Mortgage

The growing use of e-notes is attracting the eye of the FHFA watchdog

The General Inspectorate of the Federal Housing Agency announced on Monday that it is closely monitoring the fact that the use of electronic banknotes is finally gaining momentum among government-sponsored companies.

"The use of eMortgages has both risk management benefits and potentially increased risks," the OIG told the FHFA in a report. The monitoring agency managed by IG Laura Wertheimer defines e-mortgages as loans in which the promissory note is created, executed, registered, transferred and electronically stored.

Despite much discussion about the efficiency e-notes could bring to the GSEs' process of buying newly borrowed loans from lenders, the use of electronic promissory notes by government sponsored companies did not exceed 1% until it rose to 3% in 2019. In the first half of 2020, e-notes were used in connection with 4.25% of the loans acquired by the GSEs.

The report notes that the use of e-notes has proven useful this year as the mortgage industry has to operate remotely in view of the social distancing restrictions in place to deal with the health risks associated with the coronavirus.

"eMortgages provide borrower convenience, minimize post-close verification delays, eliminate the need to physically transfer a note, and make it easy to close while enabling social distancing, an attractive feature during the COVID-19 pandemic," the OIG said in the report.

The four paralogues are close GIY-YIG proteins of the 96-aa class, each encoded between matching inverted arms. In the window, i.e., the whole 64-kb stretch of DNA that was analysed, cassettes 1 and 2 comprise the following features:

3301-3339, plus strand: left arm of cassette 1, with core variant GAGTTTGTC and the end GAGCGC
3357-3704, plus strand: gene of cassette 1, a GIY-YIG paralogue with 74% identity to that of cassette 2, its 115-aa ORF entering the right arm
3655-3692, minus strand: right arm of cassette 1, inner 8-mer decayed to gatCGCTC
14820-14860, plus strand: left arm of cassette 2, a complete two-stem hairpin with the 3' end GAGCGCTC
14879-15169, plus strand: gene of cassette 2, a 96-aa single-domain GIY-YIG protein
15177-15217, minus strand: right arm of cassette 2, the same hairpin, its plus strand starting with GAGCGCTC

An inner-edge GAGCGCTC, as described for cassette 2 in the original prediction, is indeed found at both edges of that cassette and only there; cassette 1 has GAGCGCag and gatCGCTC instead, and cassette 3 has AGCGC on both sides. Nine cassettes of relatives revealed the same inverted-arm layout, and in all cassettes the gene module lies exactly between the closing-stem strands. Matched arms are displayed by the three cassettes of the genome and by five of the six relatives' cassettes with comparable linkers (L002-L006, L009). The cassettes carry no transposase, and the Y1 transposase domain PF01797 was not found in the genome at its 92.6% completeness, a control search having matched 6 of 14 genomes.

However, the OIG expressed concern that vendor counterparties may not comply with the laws governing the enforceability of electronic signatures and transactions. The possibility was also highlighted that access to e-notes could be impeded in the event that electronic vaults in which they are stored fail.

However, the report found that Fannie Mae and Freddie Mac have procedures in place to mitigate these risks.

"Both companies have told us that they have procedures in place to validate and approve eClosing and eVault providers, and that eMortgage sellers / servicers must use approved systems," the OIG stated in the white paper.

In addition, the FHFA OIG noted that Fannie has backup capabilities for its primary electronic vault, Freddie is working with the third party continuity plan provider to protect against system failure, and that both GSEs have information security measures in place.

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